"What kind of geek do you call yourself, Yuy?" he laughed aloud as his fingers raced skillfully over the keyboard. The little bat faded into his familiar desktop.
"So, how's civilian life been treating you?" Duo inquired lightly as his unrepentantly looked at some of the files on Heero's laptop.
Keeping a close eye on what the other man was doing but otherwise letting him snoop, Heero murmured, "Civilians aren't Preventers agents."
"Technically, maybe not. But compared to the old days—dear Lord, Yuy, I sound like I'm ninety-three or something—this is like, oh, like trying to hack into a kindergartener's calculator."
"Preventers is somewhat less high-impact than piloting Gundams, yes," Heero agreed easily, if somewhat drolly, "but I would sooner be overqualified for protecting the peace than pushing myself to the edge in another war."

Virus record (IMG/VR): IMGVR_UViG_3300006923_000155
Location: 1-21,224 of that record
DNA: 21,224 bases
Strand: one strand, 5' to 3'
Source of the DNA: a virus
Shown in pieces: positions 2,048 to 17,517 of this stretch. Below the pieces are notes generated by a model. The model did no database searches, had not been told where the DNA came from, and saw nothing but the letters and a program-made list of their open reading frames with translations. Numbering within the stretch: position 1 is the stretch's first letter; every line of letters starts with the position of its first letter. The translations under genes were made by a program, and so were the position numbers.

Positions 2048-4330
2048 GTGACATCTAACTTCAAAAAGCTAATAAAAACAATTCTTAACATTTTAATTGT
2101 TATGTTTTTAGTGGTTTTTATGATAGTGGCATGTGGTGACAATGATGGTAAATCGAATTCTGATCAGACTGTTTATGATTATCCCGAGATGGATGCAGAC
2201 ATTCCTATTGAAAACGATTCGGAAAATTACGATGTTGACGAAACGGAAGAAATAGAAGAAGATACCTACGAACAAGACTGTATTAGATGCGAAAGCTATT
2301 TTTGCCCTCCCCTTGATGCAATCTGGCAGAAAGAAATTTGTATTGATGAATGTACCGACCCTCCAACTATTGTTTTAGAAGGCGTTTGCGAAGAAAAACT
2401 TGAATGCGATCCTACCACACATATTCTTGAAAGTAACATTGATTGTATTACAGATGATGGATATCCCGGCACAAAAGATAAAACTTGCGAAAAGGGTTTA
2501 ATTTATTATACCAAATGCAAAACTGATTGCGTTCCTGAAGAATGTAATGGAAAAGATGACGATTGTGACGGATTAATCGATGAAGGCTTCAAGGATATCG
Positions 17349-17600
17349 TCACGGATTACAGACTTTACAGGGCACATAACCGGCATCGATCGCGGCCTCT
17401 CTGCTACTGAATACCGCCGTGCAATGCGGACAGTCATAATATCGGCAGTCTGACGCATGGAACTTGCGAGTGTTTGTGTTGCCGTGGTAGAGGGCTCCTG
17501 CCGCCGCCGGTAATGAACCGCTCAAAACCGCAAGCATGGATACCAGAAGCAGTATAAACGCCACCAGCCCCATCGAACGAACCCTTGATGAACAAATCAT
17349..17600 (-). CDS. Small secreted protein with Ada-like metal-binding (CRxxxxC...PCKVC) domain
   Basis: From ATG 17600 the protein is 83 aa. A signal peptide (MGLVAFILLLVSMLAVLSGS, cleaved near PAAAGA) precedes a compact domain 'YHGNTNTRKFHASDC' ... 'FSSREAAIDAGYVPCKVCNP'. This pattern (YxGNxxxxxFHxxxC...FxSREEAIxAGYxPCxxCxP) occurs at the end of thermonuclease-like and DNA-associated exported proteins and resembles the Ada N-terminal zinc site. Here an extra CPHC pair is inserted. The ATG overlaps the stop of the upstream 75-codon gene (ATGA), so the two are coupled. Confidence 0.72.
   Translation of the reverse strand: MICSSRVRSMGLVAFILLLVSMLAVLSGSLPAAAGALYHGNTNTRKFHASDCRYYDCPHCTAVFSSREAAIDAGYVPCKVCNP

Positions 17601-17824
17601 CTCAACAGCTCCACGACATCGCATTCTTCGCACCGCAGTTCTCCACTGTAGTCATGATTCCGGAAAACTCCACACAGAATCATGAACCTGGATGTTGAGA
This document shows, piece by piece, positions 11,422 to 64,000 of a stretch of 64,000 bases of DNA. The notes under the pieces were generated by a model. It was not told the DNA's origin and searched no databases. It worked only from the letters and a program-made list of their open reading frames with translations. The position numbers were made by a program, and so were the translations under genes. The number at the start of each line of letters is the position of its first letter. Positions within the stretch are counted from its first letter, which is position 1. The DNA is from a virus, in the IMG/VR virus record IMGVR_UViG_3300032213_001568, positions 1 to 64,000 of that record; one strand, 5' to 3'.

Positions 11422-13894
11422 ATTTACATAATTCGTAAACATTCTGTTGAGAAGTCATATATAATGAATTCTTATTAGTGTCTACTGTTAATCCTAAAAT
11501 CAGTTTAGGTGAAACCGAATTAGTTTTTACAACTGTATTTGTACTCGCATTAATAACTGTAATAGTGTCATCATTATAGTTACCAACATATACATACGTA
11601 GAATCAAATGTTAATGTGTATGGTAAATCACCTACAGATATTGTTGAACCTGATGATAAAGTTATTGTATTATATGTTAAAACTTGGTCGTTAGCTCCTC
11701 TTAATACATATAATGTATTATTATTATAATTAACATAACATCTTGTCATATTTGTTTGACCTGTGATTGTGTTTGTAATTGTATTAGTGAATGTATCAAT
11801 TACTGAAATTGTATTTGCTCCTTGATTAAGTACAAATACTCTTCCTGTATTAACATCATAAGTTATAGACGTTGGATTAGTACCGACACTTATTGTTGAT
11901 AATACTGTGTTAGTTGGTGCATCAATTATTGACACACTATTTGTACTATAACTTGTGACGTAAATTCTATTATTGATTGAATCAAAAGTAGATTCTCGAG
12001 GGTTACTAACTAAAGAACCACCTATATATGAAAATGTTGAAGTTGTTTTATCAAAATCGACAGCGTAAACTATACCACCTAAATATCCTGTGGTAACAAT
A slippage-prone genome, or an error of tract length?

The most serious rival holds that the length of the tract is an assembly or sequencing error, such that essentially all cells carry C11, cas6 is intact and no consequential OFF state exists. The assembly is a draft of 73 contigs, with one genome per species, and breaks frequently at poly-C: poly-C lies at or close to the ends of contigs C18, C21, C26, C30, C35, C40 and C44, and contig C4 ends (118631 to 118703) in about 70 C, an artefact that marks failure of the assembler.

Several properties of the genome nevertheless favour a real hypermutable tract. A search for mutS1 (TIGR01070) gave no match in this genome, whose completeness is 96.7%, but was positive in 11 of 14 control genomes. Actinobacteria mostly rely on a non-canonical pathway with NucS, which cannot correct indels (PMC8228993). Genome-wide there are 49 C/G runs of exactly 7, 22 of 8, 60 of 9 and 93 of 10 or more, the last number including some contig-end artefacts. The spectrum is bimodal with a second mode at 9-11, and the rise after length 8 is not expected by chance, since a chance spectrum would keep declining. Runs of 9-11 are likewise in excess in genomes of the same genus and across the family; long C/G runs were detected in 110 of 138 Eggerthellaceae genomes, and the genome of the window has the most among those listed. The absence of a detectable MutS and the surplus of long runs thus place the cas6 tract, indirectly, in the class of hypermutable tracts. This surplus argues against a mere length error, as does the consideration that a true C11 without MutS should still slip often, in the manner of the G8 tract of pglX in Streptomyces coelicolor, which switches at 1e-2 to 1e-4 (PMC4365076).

"True enough. Don't exactly need a constant reminder at just how good we are killing innocent people, right?"
Heero was hardly one for small talk, but curiosity overrode his normal reservations. "What have you been doing, Duo?"
"This and that," came the offhand shrug. "Helped out at Hilde's or the Sweepers', worked at a few local body shops. Nothing exciting."
Nothing like piloting a Gundam, but then, not much was.
"Why did you want Une's offer so badly?"
Duo glanced sidelong at him, fingers still on the keyboard. With the way he was leaning forward, his braid had slipped over his shoulder and smacked into Heero's. "You've gotten awfully wordy, Heero. Well, wordy for you, anyway. Seems close contact with Wufei's justice spiels rubbed off a few syllables onto you."
"It occurred to me that people in peacetime prefer negotiations with words rather than bullets."
Duo stared at Heero's straight face for a long moment before he burst out laughing.